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Lebanon inflows ease, lending strong -Audi CFO

Only "minority" selling Lebanese pound.

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October 19, 2010 8:42 by



Capital inflows into Lebanon fell around 8 percent in the first eight months of the year to around $11.9 billion, a senior banker said on Monday, but current levels remain sufficient to support strong domestic growth. Freddie Baz, chief financial officer for Bank Audi told the Reuters Middle East Investment Summit that Lebanon had seen cumulative inflows of $60 billion since the start of 2007.

Some of that money came from Lebanese residents and expatriates moving money back to Lebanon’s banks, seen as relatively safe havens during the global economic downturn.

The inflows helped support bank loans for Lebanon’s private sector and sustain recent GDP growth of around 8 percent.

“We indeed witnessed in the first eight months of 2010 an 8 percent decrease in inflows,” Baz said, citing Bank Audi figures extrapolated from official balance of payment and trade balance figures.

But he said Lebanon, which last year saw $20.6 billion of inflows, could afford a 40 percent drop in that figure without affecting liquidity or the ability of domestic banks to supply the required financing for the domestic economy to ensure a 5 to 6 percent real growth in GDP.

Loans to the private sector actually increased in the first eight months of 2010 by $4.9 billion, more than double the increase in the corresponding period of last year, he said.

Baz said remittances from Lebanese citizens abroad accounted for a little over 40 percent of the inflows, with foreign direct investment (FDI) another 40 percent and “unilateral transfers” from Lebanon’s huge overseas diaspora accounting for the rest.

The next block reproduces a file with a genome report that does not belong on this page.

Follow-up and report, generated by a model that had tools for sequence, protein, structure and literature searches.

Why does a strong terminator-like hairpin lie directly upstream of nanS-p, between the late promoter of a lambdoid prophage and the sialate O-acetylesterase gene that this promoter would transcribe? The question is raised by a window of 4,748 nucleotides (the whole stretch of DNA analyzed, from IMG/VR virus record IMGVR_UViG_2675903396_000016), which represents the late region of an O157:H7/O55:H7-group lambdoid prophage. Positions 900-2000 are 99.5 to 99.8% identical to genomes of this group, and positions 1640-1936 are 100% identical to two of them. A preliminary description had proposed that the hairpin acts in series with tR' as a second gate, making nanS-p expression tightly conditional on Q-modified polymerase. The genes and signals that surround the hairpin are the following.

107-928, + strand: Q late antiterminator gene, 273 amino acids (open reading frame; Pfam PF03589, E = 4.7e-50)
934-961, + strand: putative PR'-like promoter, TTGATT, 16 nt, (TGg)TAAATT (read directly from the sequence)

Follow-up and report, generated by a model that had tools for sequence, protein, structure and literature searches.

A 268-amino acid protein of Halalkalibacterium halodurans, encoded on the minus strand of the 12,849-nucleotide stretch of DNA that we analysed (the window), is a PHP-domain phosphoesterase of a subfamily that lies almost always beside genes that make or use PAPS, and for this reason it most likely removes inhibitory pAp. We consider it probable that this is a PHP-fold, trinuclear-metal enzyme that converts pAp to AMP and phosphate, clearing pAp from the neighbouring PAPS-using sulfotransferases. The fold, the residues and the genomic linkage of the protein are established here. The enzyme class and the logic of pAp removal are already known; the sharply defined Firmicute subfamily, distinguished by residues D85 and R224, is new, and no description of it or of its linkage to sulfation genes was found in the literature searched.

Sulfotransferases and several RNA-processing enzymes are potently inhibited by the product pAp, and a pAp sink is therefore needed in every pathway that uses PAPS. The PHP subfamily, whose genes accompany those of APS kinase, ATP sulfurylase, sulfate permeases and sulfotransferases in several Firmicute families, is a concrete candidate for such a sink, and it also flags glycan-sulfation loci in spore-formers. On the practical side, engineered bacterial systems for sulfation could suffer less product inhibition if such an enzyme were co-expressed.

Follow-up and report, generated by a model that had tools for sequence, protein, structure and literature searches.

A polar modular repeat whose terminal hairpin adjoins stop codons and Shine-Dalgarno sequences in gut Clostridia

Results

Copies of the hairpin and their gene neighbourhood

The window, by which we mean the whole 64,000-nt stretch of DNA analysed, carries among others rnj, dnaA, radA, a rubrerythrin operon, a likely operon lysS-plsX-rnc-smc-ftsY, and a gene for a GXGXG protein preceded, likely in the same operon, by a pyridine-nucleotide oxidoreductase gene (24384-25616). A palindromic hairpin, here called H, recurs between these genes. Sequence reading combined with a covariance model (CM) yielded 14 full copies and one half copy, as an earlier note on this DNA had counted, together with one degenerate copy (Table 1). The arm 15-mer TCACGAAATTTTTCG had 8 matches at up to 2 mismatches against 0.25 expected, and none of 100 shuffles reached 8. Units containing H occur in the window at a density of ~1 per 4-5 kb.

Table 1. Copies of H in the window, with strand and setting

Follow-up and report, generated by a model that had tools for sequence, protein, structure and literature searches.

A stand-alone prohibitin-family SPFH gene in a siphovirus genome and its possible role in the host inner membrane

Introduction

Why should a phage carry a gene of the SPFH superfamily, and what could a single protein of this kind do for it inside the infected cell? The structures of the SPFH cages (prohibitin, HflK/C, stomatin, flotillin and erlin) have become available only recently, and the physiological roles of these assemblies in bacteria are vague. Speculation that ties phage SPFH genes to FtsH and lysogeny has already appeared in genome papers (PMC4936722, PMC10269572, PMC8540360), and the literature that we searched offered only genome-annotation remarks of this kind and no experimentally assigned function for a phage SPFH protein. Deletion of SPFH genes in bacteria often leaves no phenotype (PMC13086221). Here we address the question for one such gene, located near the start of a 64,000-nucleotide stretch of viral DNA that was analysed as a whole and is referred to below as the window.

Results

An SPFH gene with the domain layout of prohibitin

POLITICAL TENSIONS

“The most stable parts (of the inflows) are remittances and the unilateral transfers,” he said. “The buffer which increases or decreases according to the political environment is FDI.”

Tensions have been rising in Lebanon since media reports that indictments are expected against members of the militant Shi’ite group Hezbollah for alleged involvement in the 2005 assassination of former prime minister Rafik al-Hariri.

Bankers say Lebanon’s central bank intervened two weeks ago for the first time in two years to buy Lebanese pounds, after fears that the political row could escalate pushed the dollar to the outer limits of its exchange rate against the pound.

Baz said only a “very little minority” had been selling the pound, and the country’s economy was sound — pointing to a reduction in foreign debt, a build-up of foreign reserves and cumulative growth of 25 percent over the last three years.

“There has been some buying of hard currency … but it doesn’t represent a trend in the system,” he said.

“The Lebanese pound is still the currency of saving and there are a lot of people who have shifted their holdings into Lebanese pounds, who are quite happy and comfortable.”

He said the Central Bank should consider easing the peg on the Lebanese pound, which is set at around 1,507.5 pounds to the dollar and trades at between 1,501 and 1,514 pounds.

He said a 5 percent “corridor” would help the Lebanese get used to “a certain volatility in the exchange rate”, and prevent an exaggerated response to a minor fluctuation.

(Editing by Greg Mahlich)



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